Libby Danforth

Depression is terrible, in every sense of the word. But it can manifest itself into things of striking nature in an artist’s mind. 

Betty Reed of Nashville, Tennessee has allowed her depression to birth something of immense beauty and effect. A deeply personal song in Betty’s own words, she was reluctant to release it at first, only to be drawn to do this because of the reactions of her audiences at live shows when she plays it. And it’s easy to see why. This song talks about how Betty manages to deal with her depressive episodes, in an empowering and an inspiring fashion. They say that knowing where the problem lies is halfway into solving it, but it’s not that way when you suffer from mental health disorders, when you can perfectly pinpoint the issue, but feel wholly unable to resolve it, which adds fuel to fire, as one’s self esteem drains feeling this helpless. Without being such a downer, Shallow End perfectly captures this helplessness, which is why it feels so personal, and why audiences react to it so readily. 


A stunning piece with a foot firmly within the radio-friendly Pop realm, and the other foot seemingly everywhere else, exploring synthwave, ambient, and alternative tropes all at once. The 4-chord loop is familiar enough, leaving room for the arrangement to wander around and be all unpredictable. The massive expanse of synthpads adds a ton of space, which is then complimented and filled by the gargantuan beat, played electronically and minimally at first, before exploding with subtle, yet smoldering fury as the dazzling guitar solo erupts above, then it settles down for a bit, before becoming a skeleton that solidly supports the gorgeous, calculated coda. The guitar solo is a stunningly perfect one, in my opinion. The dense reverb and distortion are a mix that’s alien and discomforting, the first notes hit out of nowhere, dissonant, intense, taking you by absolute surprise in a moment of surreal beauty. Guitars not sounding like guitars happen to be some of my favorite guitar sounds, make of that what you will.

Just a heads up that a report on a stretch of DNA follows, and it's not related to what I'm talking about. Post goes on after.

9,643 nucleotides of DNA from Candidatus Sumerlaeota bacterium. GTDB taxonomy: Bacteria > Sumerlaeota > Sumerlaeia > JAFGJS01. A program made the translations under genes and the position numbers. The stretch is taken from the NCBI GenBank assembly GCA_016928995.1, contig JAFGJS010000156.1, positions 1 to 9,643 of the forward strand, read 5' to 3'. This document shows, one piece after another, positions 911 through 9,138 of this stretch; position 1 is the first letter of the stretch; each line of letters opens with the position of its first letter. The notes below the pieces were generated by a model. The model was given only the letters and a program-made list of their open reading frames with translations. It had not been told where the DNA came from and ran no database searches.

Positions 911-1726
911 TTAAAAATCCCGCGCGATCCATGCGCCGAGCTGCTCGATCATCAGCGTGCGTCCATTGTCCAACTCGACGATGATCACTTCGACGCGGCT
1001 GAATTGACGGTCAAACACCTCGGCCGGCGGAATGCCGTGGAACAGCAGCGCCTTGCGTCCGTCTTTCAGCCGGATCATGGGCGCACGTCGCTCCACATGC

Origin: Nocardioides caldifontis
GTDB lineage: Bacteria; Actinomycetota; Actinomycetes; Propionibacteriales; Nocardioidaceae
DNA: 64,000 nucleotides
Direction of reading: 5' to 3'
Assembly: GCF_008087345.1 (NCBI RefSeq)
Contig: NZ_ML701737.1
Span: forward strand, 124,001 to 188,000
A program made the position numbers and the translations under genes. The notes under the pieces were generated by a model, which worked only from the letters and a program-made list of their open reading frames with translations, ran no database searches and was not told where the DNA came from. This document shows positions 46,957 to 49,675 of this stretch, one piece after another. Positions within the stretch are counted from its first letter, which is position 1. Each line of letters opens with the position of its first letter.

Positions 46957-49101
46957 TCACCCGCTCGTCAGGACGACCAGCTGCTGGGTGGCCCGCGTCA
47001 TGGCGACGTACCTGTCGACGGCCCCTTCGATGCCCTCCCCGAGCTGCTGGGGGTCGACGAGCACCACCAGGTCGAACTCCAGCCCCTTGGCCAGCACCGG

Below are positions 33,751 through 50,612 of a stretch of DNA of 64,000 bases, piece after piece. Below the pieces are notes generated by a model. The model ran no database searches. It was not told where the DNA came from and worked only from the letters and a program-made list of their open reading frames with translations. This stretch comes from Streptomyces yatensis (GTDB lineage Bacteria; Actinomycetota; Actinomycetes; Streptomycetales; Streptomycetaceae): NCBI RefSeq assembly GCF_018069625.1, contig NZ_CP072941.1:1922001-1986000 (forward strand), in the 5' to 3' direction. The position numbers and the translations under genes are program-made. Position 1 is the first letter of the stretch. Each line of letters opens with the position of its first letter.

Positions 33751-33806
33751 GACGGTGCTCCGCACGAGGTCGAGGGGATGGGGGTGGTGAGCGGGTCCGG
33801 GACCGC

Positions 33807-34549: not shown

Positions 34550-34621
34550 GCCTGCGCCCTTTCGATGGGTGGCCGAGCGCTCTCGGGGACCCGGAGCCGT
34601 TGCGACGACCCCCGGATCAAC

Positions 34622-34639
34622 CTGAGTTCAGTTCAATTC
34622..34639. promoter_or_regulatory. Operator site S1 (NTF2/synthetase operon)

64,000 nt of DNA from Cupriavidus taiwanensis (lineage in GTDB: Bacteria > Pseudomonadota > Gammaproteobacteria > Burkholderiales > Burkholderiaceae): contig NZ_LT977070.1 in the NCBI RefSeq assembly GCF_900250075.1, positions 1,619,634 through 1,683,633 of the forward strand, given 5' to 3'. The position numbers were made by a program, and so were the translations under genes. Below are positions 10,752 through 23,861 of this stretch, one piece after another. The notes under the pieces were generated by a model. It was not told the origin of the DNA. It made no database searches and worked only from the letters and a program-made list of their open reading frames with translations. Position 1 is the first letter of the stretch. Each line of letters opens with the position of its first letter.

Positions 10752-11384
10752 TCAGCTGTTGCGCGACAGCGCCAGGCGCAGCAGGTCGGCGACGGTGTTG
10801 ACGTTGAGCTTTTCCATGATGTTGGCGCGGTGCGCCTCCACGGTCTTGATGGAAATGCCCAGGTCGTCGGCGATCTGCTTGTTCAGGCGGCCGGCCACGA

A song that steadily straddles the thread-thin line between musical accessibility and jarring dissonance at times, while maintaining a serene, angelic atmosphere throughout. Amazing use of texture and surprise in the composition and in the arrangement, and the touching, personal message is the (sad) cherry on top.